He came to the medium in the period of Neo-Realism in the years after the Liberation. But he was closer to the 'poetic realism' of prewar France than to the political themes of directors like Rossellini. His debut film, Luci di varieta, a story about travelling music- hall performers co-directed in 1950 with Alberto Lattuada, dealt, like his first fully realised work, I Vitelloni, with socially marginal men and women, rather than the 'ordinary workers' who preoccupied Neo-Realist directors.
After a brilliant satirical portrait of contemporary Rome in La Dolce Vita, he set about a project of self-analysis that was to preoccupy him for the next two decades, often using the actor Marcello Mastroianni as his alter ego. His imagery was often unforgettable, sometimes irritatingly personal and obscure. He broke all the Hollywood rules of narrative in films that, despite occasional self-indulgence, were made with the self-confidence of genius.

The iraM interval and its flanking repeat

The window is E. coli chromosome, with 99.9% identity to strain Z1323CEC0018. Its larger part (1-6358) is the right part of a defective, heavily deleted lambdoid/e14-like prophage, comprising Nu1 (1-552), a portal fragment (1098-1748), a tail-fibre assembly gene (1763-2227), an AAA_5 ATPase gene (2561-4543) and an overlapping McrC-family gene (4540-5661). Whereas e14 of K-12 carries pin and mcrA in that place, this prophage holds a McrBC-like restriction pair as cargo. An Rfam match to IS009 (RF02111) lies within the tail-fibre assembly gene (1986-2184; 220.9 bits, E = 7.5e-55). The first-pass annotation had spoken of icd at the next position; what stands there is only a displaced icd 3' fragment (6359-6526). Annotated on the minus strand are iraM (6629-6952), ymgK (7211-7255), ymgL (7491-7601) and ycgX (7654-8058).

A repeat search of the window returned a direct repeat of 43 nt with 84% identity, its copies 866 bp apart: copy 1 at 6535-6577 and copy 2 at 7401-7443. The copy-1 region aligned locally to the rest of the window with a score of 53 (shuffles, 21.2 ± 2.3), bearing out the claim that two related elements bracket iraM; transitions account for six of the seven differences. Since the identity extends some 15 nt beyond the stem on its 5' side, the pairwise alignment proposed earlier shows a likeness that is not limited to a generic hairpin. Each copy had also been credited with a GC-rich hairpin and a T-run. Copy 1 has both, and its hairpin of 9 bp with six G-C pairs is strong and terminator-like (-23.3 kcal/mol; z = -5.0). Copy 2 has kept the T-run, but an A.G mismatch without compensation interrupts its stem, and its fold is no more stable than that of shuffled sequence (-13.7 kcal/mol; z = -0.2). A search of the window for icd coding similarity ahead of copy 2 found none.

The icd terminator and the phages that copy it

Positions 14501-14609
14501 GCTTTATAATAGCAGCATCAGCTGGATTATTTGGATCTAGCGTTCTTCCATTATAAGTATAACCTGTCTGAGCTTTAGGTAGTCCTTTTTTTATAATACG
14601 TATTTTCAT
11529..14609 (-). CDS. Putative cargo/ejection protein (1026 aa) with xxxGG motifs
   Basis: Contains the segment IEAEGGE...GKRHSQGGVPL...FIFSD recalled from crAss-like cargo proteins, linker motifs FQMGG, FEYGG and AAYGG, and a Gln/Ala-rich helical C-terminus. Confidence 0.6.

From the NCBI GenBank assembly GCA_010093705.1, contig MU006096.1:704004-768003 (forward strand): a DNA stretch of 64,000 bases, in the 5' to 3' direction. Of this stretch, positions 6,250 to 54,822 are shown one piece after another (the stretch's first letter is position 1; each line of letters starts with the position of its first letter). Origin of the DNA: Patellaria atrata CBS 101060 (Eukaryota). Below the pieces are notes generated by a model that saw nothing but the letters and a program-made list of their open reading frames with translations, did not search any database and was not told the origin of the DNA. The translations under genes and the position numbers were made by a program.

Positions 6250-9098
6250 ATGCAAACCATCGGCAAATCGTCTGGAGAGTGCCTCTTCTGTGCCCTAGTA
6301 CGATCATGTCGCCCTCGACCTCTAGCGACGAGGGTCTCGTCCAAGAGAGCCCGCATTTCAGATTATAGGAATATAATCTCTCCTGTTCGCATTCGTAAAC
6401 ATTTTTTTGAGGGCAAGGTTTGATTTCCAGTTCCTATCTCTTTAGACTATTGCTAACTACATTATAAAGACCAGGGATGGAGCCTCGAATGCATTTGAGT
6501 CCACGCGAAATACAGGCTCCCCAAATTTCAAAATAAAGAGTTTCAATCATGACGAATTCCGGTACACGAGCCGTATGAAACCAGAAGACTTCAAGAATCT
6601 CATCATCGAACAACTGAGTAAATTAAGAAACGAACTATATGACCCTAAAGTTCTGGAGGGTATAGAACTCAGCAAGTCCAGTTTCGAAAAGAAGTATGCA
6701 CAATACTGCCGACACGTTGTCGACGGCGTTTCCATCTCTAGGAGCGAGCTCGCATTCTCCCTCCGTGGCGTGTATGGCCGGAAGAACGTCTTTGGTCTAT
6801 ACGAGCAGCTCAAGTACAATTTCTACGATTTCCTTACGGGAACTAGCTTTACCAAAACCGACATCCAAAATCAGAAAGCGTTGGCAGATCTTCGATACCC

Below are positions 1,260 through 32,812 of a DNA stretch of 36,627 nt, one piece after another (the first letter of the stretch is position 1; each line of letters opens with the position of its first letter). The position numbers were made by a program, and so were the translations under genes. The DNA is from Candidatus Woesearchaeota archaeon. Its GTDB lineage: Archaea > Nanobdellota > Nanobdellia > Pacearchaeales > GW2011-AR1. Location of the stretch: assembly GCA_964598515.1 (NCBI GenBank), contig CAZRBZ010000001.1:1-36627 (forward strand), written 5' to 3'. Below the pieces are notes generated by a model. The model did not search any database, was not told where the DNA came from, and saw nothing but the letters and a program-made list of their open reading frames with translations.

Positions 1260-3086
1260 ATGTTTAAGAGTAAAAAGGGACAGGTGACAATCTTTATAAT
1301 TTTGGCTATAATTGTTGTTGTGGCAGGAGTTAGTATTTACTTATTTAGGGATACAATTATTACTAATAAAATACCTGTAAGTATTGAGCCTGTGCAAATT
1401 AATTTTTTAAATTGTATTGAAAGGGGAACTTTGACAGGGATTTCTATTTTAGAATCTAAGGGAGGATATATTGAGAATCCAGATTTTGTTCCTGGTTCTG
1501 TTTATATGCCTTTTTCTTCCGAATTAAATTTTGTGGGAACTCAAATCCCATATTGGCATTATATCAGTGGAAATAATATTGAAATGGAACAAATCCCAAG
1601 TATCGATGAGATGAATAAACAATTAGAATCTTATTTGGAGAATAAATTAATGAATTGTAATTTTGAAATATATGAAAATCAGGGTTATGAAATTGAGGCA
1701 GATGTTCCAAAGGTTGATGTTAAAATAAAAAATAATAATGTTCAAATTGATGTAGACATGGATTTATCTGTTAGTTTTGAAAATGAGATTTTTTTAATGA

In Intervista, one of the few films from the last decade of his life, he exhibits the Roman studio complex at Cinecitta with the proprietory air of a master of ceremonies. He treated cinema itself in much the same way, delighting in its ability to perform miracles, using it to exorcise his private demons and preferring the free flow of improvisation which allowed him to work like a Renaissance painter orchestrating the creation of some vast mural. Perhaps it was only in a studio system like that of Cinecitta and in a cinema industry as confident as that of Italy in the two decades after the Second World War that the varied talents of such great individual directors as Fellini, Pasolini and Antonioni could flourish. It offered him the security of an analyst's couch, which he used to embark on one of the most fascinating and idiosyncratic enterprises in modern art.
(Photograph omitted)Reuse content